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"Pierre Huyghe: Third Memory"
2003-10-21 until 2003-11-30
University of Virginia Art Museum
In 2002, French artist Pierre Huyghe received the Hugo Boss Prize, a biennial international award administered by the Solomon R. Guggenheim Foundation. In announcing the honor, Guggenheim director Thomas Krens said, "In Huyghe's remarkable work, which involves film, photography, video, sound, computer animation, sculpture, design and architecture, Huyghe examines the narrative structures of popular culture, investigating the relationships between fiction and reality and memory and history."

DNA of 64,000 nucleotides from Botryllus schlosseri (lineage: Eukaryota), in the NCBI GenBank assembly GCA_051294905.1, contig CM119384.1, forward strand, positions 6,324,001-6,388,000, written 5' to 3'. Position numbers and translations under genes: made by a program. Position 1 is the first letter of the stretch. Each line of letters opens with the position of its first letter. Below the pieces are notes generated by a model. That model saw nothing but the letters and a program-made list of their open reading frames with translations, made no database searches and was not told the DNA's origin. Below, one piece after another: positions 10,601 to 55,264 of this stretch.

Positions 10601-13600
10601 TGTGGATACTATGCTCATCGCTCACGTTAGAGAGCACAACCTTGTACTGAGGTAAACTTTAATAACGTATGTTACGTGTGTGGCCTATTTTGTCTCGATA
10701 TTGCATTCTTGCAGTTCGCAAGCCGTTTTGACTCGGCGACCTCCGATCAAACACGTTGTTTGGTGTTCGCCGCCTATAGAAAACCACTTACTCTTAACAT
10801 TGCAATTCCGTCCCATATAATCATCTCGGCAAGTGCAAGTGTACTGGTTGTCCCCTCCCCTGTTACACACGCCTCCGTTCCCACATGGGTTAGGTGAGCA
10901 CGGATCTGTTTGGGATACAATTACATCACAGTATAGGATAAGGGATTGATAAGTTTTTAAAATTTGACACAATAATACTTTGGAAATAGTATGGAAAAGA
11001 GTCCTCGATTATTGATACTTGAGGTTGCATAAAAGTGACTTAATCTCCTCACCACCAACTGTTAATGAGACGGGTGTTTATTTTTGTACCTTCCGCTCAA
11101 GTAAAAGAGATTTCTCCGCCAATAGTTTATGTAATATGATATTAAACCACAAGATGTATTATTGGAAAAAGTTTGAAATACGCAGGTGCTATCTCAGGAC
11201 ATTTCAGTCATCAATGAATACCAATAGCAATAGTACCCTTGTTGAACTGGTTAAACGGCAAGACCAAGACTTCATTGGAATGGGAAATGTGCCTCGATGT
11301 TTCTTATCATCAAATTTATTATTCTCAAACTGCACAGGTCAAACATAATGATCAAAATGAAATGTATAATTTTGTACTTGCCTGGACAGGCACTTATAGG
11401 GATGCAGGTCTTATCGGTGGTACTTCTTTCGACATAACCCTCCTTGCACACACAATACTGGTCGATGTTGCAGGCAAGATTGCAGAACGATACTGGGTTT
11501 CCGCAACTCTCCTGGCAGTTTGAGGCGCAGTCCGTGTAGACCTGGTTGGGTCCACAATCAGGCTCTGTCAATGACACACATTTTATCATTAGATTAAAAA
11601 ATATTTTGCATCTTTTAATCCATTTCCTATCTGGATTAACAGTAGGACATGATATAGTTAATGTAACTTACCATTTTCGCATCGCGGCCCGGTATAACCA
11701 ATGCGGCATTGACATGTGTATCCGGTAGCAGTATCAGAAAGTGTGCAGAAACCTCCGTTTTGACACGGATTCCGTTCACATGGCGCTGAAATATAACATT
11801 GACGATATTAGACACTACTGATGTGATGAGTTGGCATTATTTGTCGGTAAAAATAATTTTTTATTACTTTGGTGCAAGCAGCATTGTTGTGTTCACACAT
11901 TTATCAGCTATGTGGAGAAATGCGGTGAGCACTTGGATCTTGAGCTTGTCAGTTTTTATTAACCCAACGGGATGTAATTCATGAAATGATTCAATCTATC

The University of Virginia Art Museum presents Huyghe's three-part installation "Third Memory," 1999, which takes as its point of departure a 1972 bank robbery committed by John Woytowicz in Brooklyn; three years later the crime became the subject of Sidney Lumet's film "Dog Day Afternoon," starring Al Pacino. Huyghe tracked down Woytowicz and asked him to retell the story. Using a two-channel video projection, a television interview,and posters, Huyghe builds from a "first memory" of the original crime to a "second memory" with the film's recreation of that crime, to arrive at a "third memory," a rich blurring of the documented and the imagined.
"Third Memory" is presented courtesy of the Marian Goodman Gallery, which represents the artist. The exhibition, which is made possible with Arts$ and the Arts Enhancement Fund, is co-sponsored by the Virginia Film Festival and serves as a focal point of its 2003 theme "$."